The World Ahead of Us

The wave of electoral shocks has now reached us. Brexit, the Colombian vote against peace, and now Donald Trump’s presidential election victory shows that the experts, analysts, statisticians, the polling systems, and media are pure bluff. The truth continues to rest on the backs of constituents and not on the backs of the speculative voices that misguided and lied to the public. Results also show that mass media is a powerful, unethical and biased source of information that, in their own pursuit of revenues from the sale of ads, can construct political figures as in the case of Donald Trump and paint electoral results that only they believe are true. I am shocked but at the same time I am not surprised because at the end populism imposed itself over mainstream politics. Contrary to what the media says, this outcome is not a green light for the radical right but a wakeup call for the traditional Republican and Democrat parties, a referendum on almost thirty years of free trade policies and other neoliberal initiatives that have bled this nation’s middle and working classes.3e8a754ff77984867a987a1f2b99b576

I am disappointed and frustrated over the reaction of those protesting the outcomes of our democratic elections. I am sure they would have been very critical of such reaction if the Clinton campaign had won and Trump supporters would have taken the streets, denouncing them as uncivilized and aggressive. Mainstream media would have immediately ceased the opportunity to once again strengthen their negative views about the citizens that supported Donald Trump. I am upset at the Michael Moore’s of the world who make the claim, from their own white privilege, that “Trump’s presidency has to be opposed” simply because they cannot tolerate the loss, inciting violence and reactionary mass mobilization that cause social harm and damage the fabric of our democracy.[1]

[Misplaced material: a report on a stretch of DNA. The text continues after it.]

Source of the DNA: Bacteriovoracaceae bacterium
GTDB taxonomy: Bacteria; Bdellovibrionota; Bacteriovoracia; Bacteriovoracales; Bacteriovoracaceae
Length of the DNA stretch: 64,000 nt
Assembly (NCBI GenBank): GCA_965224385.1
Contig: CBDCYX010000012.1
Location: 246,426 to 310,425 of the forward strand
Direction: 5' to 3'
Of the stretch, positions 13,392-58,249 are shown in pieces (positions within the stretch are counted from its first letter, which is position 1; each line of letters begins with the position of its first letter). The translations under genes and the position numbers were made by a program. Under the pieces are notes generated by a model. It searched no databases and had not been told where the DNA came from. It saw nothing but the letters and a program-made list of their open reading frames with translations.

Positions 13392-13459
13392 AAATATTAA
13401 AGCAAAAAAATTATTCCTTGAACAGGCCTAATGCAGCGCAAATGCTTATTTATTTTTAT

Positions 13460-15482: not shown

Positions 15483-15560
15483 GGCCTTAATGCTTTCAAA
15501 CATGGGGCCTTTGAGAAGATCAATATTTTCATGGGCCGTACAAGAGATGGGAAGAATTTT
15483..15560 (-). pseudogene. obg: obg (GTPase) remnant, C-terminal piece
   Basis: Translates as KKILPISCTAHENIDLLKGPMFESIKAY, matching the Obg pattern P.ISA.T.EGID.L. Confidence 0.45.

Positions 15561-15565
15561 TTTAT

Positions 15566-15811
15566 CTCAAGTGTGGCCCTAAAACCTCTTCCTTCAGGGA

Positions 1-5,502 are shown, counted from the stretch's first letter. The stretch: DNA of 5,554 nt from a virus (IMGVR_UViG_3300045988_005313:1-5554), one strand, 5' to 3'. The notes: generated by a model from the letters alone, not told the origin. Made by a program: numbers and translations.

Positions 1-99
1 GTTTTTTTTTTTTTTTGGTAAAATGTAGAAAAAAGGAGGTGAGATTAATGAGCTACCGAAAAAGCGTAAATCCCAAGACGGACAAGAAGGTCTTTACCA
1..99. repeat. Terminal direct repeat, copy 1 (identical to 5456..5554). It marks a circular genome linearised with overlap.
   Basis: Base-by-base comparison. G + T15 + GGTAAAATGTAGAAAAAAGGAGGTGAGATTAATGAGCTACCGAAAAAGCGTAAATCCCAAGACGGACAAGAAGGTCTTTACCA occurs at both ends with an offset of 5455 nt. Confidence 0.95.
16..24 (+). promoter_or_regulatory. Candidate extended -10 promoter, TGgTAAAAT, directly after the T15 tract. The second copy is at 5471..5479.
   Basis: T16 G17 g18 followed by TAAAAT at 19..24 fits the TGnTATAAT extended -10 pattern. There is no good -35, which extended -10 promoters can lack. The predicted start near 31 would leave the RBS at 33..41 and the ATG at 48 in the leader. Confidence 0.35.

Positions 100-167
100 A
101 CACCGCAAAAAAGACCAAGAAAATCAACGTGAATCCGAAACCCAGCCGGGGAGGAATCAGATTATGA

Let’s for a moment be realistic. Close to 43 percent of the total eligible voting population did not come out and vote on November 8.[2] That is the number that makes the difference in any democratic election across the planet. This means that only 57 of the population voted in the election and that close to 28 per cent of the population voted the republican candidate into office. Those frustrated with the electoral results should begin planning on how to capture the attention of those ninety plus million Americans that did not vote in this election instead of arguing against a decision that cannot be reversed through popular mobilization because we are not in Venezuela or even prepared for our own Arab Spring. The people have spoken, all 28 percent of them, but those are the rules of the game.

Nothing positive may come out of these protests. The frustrated sectors of society must wait and see what happens, be attentive and observe how things unfold, and give the Trump administration an opportunity to get the ball rolling. As I told my students, nothing will be achieved through protest but through engagement and active participation in politics. One must use the tools within the system to advance collective agendas, but one must take ownership, changing your representatives when they do not respond to their constituency and replacing them with new blood.